Author: Freak-of-Spade PM
Rayne is excellent at being himself. He deals expertly with the bruises and the blows, and the lies are natural to his tongue. He can look after himself. Until Aedan Winter decides he would make a far better job of it… SLASH BoyxBoy Shonen—ai YaoiRated: Fiction T - English - Romance - Chapters: 19 - Words: 62,143 - Reviews: 548 - Favs: 344 - Follows: 319 - Updated: 08-26-08 - Published: 11-20-07 - id: 2440759
|A+ A- Full 3/4 1/2 Expand Tighten|
Summary: Rayne is excellent at being himself. He deals expertly with the bruises and the blows, and the lies are natural to his tongue. He can look after himself. Until Aedan Winter decides he would make a far better job of it…
Warning: SLASH, people!! (Shonen-ai, yaoi, whatever you like to call it) That means boys loving boys! You don't like? Then don't bother reading and go get a life instead.
Rating: As of yet, a nice safe T. Might go up in later chapters.
Author's Annoying Note: This is my second slash story! I was going to update Those Stupid Butterflies That Mess Around In Our Stomachs some time ago but then I lost my darling memory stick with all my latest chapters on it, and I didn't have any backup, so since then, I've been too bitter to rewrite a chapter I had down…I will definitely concentrate more on one of the two stories, I guess t all depends on readers' reaction…I didn't get a single review for Those Stupid Butterflies, which I feel kinda sad about because it was hard work, but, the hell…it's part of the job eh? I hope this gets at least ONE review…then I'd die happy…TT.TT
Of Rain and Winter
Running Into The Wrong People
I don't get what the whole fuss about. Getting bullied is like sucky weather and government: you can't do anything about it so you might as well grind your teeth and bear it like a man.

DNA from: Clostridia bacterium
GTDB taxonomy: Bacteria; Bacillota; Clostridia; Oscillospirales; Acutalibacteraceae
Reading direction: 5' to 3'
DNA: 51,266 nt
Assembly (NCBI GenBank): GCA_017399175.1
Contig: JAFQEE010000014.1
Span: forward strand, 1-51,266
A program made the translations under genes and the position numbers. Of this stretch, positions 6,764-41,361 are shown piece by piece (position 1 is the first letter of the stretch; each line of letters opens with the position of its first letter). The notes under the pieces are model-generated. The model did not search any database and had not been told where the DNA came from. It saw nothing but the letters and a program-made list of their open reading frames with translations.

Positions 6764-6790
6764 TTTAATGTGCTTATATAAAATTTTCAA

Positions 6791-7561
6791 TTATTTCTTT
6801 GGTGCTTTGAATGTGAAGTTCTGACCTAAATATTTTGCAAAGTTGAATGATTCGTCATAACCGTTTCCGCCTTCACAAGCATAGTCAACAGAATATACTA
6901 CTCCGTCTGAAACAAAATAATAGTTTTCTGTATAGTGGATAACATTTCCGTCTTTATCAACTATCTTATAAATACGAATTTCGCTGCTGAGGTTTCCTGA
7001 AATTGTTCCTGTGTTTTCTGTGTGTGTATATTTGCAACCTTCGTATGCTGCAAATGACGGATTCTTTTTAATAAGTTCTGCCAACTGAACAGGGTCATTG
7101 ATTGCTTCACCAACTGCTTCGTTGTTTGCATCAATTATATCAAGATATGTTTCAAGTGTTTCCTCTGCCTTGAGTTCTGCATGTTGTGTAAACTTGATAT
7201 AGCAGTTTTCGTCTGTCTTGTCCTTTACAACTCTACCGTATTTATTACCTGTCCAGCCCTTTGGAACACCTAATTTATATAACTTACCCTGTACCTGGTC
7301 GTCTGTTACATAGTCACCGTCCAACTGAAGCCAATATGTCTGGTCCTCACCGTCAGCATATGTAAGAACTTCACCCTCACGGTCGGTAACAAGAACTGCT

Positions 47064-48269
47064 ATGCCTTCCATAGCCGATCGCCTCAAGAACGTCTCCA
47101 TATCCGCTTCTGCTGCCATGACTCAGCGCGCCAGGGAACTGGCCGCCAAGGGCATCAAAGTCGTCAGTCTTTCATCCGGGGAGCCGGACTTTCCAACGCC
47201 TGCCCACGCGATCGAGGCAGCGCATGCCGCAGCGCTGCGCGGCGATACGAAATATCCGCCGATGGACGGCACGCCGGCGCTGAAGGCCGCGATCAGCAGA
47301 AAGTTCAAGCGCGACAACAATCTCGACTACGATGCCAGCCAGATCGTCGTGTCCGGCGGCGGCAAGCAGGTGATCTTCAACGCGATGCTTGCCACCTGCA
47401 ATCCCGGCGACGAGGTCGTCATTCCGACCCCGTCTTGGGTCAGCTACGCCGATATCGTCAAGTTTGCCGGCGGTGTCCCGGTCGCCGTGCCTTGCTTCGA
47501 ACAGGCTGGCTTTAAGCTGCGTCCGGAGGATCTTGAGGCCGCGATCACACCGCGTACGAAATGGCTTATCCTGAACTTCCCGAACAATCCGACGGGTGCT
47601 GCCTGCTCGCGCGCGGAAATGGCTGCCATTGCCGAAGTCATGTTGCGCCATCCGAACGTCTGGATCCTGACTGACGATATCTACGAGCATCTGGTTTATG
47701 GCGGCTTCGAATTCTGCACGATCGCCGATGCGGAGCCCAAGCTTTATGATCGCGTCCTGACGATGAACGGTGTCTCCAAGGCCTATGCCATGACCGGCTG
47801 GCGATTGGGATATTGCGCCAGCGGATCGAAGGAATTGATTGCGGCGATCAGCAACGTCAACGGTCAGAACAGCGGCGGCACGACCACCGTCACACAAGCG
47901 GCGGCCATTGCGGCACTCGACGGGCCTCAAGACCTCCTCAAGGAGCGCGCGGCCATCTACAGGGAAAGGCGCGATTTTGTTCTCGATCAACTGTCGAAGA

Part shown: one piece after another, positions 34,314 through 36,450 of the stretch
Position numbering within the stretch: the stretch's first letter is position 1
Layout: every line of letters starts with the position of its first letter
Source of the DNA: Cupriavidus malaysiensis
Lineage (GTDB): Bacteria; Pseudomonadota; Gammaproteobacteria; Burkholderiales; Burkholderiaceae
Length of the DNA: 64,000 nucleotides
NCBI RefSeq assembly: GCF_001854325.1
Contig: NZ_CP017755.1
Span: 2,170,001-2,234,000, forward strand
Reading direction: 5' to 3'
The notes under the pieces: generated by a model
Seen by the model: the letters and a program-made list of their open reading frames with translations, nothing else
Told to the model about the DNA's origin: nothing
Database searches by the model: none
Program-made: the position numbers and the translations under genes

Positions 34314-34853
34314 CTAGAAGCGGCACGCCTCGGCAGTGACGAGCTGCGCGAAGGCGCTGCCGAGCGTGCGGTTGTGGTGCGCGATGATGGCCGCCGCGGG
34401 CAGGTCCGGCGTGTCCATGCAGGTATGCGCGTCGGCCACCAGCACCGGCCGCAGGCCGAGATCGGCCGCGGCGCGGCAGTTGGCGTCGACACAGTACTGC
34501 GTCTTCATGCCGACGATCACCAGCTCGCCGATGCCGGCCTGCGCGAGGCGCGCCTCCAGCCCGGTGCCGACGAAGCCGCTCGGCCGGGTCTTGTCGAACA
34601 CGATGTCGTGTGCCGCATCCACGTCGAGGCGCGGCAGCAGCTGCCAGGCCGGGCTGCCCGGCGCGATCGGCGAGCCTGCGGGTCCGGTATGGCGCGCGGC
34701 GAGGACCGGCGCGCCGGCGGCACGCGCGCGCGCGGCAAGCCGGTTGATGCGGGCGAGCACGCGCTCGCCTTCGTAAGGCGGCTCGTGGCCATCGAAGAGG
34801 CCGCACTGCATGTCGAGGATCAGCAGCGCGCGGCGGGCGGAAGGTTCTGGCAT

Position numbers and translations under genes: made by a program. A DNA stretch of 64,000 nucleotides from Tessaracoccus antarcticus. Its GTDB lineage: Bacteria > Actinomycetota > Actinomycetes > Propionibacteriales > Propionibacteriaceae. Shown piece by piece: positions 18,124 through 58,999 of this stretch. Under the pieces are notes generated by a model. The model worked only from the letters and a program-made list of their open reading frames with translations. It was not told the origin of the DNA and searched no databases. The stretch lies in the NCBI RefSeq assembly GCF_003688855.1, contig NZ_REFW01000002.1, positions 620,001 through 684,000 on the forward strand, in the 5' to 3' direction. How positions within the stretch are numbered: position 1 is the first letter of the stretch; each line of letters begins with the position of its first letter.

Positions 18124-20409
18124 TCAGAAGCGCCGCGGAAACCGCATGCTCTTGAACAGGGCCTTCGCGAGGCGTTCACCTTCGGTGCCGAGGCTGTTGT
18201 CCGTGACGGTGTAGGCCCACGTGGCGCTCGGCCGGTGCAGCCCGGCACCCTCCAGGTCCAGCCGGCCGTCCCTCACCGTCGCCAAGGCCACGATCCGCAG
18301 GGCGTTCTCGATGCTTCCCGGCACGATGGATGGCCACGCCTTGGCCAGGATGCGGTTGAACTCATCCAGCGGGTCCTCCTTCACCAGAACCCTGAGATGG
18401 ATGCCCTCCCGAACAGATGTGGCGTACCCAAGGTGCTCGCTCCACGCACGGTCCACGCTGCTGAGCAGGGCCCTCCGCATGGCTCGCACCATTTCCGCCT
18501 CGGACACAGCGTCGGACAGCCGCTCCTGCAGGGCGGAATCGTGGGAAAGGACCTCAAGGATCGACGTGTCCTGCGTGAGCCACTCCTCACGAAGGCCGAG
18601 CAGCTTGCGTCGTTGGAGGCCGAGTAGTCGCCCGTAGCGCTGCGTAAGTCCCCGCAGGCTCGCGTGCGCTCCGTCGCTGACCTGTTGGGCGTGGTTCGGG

I'm used to getting bullied. The beating up, the insults, the being locked in closets or bathrooms thing, the threats, the discreet punches in corridors. It's not a big deal. Through the years, I've become an expert at dealing with it. I never stopped reading books and painting and acting, and my body didn't let me out of my misery and grow up, but all of it more or less helps me through the bullying thing, even though technically they are causing it. The way I see things is: if it wasn't me, it would be someone else. At least while they're busy beating me up they don't bother the young, cute, intimidated-looking kids that slink past everyone in the corridors. I deal with bullying better than anyone could have done—I'm a real professional. My lies slip smoothly off my tongue, perfect and easy, my make-up applying skills have risen to a point where it's become an art, and I've become so good at acting like a shadow no-one in the entire school knows my name. Life is good.
Of course, it had to go wrong. I'm not blaming fatality or anything; shit happens, and it happens to me more than some people, but it happens to some people more than to me, so, what the hell, I'm not complaining.
It was a Tuesday morning, and I'd just been cornered by Max and his little gang of criminal-wannabes. They'd blacked my left eye, split my lip and given me a new bruise on the flank, so I rushed to the boys' toilets, head down so no one would notice the bruises before I had time to cover them up. People seeing bruises would attract questions, attention, curiosity, and frankly, these were the last things I needed.